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buying at the Clifden sales

5 replies

krustykittens · 29/11/2020 19:04

Hello everyone,

Does anyone have experience of buying a pony at the Clifden sales? We have had a heartbreaking week, which saw my daughter's beautiful BRP mare put to sleep, very suddenly. She was the sweetest little girl, loved kisses and cuddles and was very talented, her last owner had taken her far and she was teaching my daughter a lot. My daughter is devastated, as you can imagine. She has another, older pony, a Welsh/Cob cross who still has loads of life in her but she is going to miss showjumping. Her older mare isn't really bothered. Daughter has also just started uni and we are trying to get her through it debt free (we live in Scotland) so money is tight. She doesn't want to talk about it right now, but I was thinking of perhaps taking her to Clifden next spring and perhaps buying a filly or a colt that will be doing its growing up while she is at Uni. Has anyone bought at the sales and would you recommend it? I would prefer to buy a native as all our other ponies are tough little natives who spend most of the year living out 24/7 so I would like another pony who can live the same way but capable of competing, even if at a low level. We are not terribly ambitious but my daughter does enjoy getting out and about! Thanks for reading.

OP posts:
ApplestheHare · 30/11/2020 12:35

Would your daughter want to bring on a youngster? I think sometimes people overlook that what you save in funds you'll need to spend in time.

maxelly · 30/11/2020 12:58

I'm so sorry to hear about your lovely mare, it's absolutely heartbreaking to lose them isn't it Flowers I would say just give yourselves time to grieve (don't listen to anyone who says 'it's just an animal', 'why are you so upset' bla bla, you have a special bond with a horse and it is devastating when they go, a different grief to losing a person but true grief all the same).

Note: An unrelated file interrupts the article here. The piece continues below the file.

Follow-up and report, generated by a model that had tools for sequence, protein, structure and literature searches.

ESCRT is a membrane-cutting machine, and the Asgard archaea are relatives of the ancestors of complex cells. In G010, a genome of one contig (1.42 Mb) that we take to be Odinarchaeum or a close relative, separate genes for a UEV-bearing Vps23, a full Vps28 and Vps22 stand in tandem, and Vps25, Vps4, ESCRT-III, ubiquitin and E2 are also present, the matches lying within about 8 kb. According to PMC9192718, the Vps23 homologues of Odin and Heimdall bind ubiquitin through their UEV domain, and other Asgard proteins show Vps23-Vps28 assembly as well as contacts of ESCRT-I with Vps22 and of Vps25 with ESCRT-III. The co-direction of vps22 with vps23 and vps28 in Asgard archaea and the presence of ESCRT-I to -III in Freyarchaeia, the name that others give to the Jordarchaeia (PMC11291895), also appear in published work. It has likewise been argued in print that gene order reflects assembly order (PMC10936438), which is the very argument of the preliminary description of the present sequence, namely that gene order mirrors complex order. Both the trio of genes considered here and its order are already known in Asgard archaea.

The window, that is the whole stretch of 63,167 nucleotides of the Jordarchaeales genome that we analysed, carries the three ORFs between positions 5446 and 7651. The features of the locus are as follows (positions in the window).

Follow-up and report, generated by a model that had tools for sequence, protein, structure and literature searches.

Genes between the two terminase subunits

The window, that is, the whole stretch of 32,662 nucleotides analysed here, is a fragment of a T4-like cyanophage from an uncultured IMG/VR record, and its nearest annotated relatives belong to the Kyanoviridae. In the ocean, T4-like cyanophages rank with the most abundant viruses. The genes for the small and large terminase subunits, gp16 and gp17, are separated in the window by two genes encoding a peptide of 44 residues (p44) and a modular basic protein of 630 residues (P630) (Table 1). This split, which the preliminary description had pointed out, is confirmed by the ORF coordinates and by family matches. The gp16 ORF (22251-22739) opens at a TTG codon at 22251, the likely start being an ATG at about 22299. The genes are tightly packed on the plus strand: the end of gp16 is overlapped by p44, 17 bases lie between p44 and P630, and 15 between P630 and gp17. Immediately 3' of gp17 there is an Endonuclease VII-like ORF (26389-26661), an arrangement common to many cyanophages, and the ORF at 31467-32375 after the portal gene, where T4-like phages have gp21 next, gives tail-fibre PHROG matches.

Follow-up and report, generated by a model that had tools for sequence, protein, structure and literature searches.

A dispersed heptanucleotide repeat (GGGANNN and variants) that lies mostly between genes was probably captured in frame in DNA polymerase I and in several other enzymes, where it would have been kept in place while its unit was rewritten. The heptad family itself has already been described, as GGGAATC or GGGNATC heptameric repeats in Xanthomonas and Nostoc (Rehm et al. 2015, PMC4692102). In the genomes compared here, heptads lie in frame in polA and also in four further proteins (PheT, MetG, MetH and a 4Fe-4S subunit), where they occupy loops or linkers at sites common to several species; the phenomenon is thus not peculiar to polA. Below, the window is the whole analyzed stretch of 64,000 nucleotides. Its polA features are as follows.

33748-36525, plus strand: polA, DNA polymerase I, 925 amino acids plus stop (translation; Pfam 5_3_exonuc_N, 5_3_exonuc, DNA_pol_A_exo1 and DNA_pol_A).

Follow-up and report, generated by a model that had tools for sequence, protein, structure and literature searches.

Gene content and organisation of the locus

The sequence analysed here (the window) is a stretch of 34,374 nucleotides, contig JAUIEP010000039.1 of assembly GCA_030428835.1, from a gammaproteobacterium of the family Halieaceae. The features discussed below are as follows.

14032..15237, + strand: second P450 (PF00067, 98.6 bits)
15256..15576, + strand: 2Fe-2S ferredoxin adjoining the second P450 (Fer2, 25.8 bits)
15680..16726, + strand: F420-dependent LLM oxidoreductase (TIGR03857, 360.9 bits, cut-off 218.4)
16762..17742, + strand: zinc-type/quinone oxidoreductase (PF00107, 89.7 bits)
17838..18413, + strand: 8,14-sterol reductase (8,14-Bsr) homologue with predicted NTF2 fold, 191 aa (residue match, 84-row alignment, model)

Re the youngster, I guess it depends on whether you have the facilities and time to raise a baby and what you'll do with it if your DD isn't in the position to have it as a riding horse after uni. From my own experience I would say absolutely do not rely on what she says now, young people may be adamant they are definitely doing XYZ after uni but they grow up a lot in those 3-4 years, plans change and it's not really fair to hold them to what they said when they were 18! So if it would be a disaster to be left with a 3-5 year old on your hands with no rider I'd say don't do it!

What is your set-up like, do you have your own land or are you on livery? Do you only have the older mare or other stock too? Unless you can send him/her away to specialist youngstock livery I wouldn't buy anything younger than 2, I'm firmly of the view than from weaning to at least 2/3 they need to live with other youngsters (and at least one 'nanny' to teach them manners) and have plenty of room to roam, a playful/exuberant baby on limited turnout with only one other horse can be problematic IMO (I'm sure lots of people will now be along to tell me that's exactly their set up and it's fine, just my personal opinion so don't flame me!). Plus also if you go for a colt you'll need to get him cut ASAP unless you have facilities to keep him as a stallion (most liveries will only take geldings, and colts can cover mares from the age of 1-2 ish so you wouldn't be very safe having him out with your mare for long either, unless you want to have 3 on your hands come summer!).

I don't know the Clifden sales personally (is that the one in Ireland specialising in connies?) but my instinct would be to avoid sales unless you are very experienced and know exactly what you are looking for as I'm sure if it was me I'd be captivated by a pretty face or a sob story and end up buying something totally unsuitable and/or spending £££. Appreciate you don't have a huge budget but there are lots of studs in this country with nice youngstock at pretty reasonable prices esp if you'd go for a Welsh/New Forest rather than a connie -they can make fantastic sports ponies. Or perhaps something more sporty, perhaps a native X or an ISH, no reason why something with that breeding couldn't live out 24/7 esp if it has a good dash of Hairy in the family tree somewhere Grin. The advantage to buying from a stud, as well as having far more opportunity to view in a leisurely way, take an instructor or sensible friend with you, talk to the owner at length, see the parents/relatives etc and make a considered decision, is that they may be able to 'board' the foal/youngster until they are more able to live out with your mare, or be able to recommend someone who could?